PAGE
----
Bali’s ‘traditional villages’ must take up role in reducing plastic waste on the island: Environmental Agency
The provincial government of Bali says the island’s traditional villages, known as desa adat, must take a more crucial role in helping reduce plastic waste on the island, as officials plan to speed up implementation for existing regulations on the issue.
“We must be tough. It means that we need to move for real now, continue to socialize [the regulation]. We will rebuke those who are late so they can speed up their implementation,” I Made Teja, chief of Bali Environmental Agency, told Bali Postearlier today.
Teja explains that implementation of the 2018 gubernatorial regulation, which bans single-use plastics in Bali, is still facing considerable challenges.
“Our problem is with traditional markets,” Teja said, adding that the awareness must come from both the sellers and customers.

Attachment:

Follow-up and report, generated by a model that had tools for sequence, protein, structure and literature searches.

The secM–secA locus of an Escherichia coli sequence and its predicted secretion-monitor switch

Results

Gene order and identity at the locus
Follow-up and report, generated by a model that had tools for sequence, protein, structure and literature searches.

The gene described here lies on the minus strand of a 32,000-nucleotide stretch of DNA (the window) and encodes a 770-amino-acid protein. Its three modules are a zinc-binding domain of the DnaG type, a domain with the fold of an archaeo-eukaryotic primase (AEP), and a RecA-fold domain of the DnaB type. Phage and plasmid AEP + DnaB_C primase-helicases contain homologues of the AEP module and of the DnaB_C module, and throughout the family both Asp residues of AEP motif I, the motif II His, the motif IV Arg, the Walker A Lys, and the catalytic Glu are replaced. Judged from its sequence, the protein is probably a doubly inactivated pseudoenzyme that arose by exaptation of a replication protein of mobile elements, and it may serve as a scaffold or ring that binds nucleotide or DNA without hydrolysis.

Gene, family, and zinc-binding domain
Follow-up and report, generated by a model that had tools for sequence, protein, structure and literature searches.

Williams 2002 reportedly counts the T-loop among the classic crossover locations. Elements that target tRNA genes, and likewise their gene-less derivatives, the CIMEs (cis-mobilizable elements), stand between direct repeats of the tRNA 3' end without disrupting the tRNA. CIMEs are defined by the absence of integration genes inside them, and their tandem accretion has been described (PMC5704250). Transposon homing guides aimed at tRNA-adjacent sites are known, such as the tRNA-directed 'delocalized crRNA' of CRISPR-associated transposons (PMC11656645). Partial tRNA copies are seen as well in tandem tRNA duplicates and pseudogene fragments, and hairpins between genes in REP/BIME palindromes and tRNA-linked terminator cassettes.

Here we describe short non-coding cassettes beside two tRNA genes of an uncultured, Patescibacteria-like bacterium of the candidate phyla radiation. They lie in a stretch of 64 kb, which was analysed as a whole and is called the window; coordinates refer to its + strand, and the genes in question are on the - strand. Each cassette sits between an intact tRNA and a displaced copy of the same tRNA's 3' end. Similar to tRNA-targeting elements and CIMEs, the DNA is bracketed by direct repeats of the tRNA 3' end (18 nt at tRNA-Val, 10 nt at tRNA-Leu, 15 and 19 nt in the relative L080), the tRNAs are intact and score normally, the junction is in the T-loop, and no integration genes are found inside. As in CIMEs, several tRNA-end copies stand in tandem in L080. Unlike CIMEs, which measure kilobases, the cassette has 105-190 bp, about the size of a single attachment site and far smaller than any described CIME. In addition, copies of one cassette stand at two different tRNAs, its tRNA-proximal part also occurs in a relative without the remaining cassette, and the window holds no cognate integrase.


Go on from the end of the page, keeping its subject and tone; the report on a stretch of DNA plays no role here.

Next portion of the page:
While the use of plastic has seen some great reductions in supermarkets across the island in the past year, single-use plastics are a lot easier to find in traditional markets in comparison.
In theory, there is another piece of legislation — the 2019 gubernatorial regulation on waste management — that could support the regulation from the year before, with the ultimate goal of reducing plastic waste on the island. According to Teja, traditional villages can play a role in this matter, where they must firmly uphold the rules as laid out.
Teja said his agency will work closely with the Traditional Village Promotion Agency, which was established just last year, to encourage these villages to issue pararem, or traditional law, on the waste issue, according to a report from Tribun.
“The main point lies with each village doing their respective waste management, that’s it. If that goes well, we’re good,” Teja said.